There is talk in the gaming industry that Ontario’s competitive market for internet gambling — which is expected to host a number of online sports betting websites — might not launch until early next year, instead of in December as initially expected.
The Ontario government and gaming regulators have been working for many months on an “open and competitive” iGaming market that could allow private-sector operators of internet casinos and online sportsbooks to legally operate in Canada’s most populous province.
Currently, the only iGaming site authorized to do business in the province is that of government-owned Ontario Lottery and Gaming Corp., which also operates the only online sportsbook that is legal in the province, PROLINE+.
However, all of that is expected to change when Ontario’s competitive iGaming market launches. When it does, it could allow bettors to shop around at other books and gambling sites that are overseen by provincial authorities.
The rough schedule for the iGaming market was that it would be up and running in December 2021. That’s when “registered operators that have entered into an agreement with iGaming Ontario may start offering their products and services to people in Ontario's regulated market,” the website for the agency says.
December 2021 is also what the Alcohol and Gaming Commission of Ontario (AGCO) used for its roadmap for the launch of the iGaming market. And when the Ontario government announced the incorporation of iGaming Ontario, a subsidiary of the AGCO, it noted the “new iGaming marketplace is expected to be operational in December 2021.”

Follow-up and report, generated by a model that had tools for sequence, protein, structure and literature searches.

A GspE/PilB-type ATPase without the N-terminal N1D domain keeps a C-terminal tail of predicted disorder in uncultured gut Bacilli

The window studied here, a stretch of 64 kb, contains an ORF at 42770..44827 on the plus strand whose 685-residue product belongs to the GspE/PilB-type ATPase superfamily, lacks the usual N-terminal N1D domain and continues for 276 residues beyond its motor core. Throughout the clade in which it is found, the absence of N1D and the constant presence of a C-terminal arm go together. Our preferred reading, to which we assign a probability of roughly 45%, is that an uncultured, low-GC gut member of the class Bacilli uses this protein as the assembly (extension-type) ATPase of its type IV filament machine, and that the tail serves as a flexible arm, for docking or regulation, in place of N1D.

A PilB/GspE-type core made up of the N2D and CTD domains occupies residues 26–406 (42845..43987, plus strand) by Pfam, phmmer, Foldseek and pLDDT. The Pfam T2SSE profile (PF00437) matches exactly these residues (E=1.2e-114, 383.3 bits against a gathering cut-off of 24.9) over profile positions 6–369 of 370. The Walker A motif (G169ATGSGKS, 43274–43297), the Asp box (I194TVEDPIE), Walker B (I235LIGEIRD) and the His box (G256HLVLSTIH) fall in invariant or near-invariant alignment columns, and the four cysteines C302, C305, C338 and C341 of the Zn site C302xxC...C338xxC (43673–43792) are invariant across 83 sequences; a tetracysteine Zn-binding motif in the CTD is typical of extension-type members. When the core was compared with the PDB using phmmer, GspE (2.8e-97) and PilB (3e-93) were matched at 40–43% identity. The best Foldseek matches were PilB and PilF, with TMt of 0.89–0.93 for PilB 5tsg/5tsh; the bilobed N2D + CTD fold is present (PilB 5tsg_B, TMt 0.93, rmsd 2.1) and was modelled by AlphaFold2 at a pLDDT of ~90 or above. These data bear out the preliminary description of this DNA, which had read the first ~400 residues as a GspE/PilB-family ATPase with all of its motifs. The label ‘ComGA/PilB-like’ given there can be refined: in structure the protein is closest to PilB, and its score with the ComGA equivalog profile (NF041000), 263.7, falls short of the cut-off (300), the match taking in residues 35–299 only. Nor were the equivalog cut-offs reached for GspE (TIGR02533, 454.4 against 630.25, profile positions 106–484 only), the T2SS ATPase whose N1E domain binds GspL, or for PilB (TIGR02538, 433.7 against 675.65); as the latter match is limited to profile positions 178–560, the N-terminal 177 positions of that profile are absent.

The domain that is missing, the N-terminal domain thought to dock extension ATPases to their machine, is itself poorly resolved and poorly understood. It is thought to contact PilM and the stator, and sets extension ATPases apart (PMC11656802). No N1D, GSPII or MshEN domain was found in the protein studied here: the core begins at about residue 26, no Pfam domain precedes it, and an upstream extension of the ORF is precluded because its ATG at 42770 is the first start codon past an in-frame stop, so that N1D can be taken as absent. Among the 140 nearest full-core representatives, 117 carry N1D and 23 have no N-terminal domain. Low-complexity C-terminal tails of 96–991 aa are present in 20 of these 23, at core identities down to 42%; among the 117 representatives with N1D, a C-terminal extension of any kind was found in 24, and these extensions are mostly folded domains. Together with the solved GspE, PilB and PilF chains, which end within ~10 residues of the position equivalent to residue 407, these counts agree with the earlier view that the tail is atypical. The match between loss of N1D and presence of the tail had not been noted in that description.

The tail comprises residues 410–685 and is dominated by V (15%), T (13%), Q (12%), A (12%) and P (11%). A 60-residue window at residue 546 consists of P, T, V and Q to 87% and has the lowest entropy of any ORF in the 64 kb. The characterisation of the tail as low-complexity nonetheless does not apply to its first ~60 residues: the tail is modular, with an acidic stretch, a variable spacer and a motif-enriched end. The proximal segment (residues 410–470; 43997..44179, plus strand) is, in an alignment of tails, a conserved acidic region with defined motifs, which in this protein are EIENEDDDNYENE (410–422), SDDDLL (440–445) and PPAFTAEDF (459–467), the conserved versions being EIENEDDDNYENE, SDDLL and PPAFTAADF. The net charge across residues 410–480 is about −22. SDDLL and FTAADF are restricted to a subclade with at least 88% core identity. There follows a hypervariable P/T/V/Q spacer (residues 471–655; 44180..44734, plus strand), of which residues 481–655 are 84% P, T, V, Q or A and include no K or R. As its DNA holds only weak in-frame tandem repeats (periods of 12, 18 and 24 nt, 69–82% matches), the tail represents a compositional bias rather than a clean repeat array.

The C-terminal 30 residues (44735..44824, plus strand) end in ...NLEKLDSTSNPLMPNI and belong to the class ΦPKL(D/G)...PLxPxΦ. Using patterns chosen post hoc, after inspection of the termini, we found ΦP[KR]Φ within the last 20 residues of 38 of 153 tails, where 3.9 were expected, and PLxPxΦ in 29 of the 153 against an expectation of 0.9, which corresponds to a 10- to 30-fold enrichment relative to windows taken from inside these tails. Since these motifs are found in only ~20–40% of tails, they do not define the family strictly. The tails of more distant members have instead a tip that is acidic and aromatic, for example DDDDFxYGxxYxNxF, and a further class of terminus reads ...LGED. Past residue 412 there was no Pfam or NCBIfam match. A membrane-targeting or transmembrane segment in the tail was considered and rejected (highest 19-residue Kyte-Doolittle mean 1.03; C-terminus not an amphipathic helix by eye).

But there has been talk in the industry that casts doubt on the prospects of the province’s iGaming market actually launching in December.
'A little bit of pressure'
Australia’s PointsBet Holdings Ltd. is one company that is keen on entering the Canadian gaming market and that aims to be a major player in Ontario.
However, in announcing a partnership with Curling Canada on October 13, PointsBet also disclosed that it anticipates beginning operations in Ontario in the first quarter of 2022, pending regulatory approval.
“In terms of Ontario, the regulator there was originally targeting a date of sort of early December,” Swanell said. “We believe that, from their perspective, that date might be under a little bit of pressure. So maybe the launch moves back to sort of a January."
Paul Burns, president and chief executive officer of the Canadian Gaming Association, said the province is looking at a “revised” opening date for the iGaming market.
“My guess is it could be sometime in February,” Burns said in an interview with Covers. “I just don't know when.”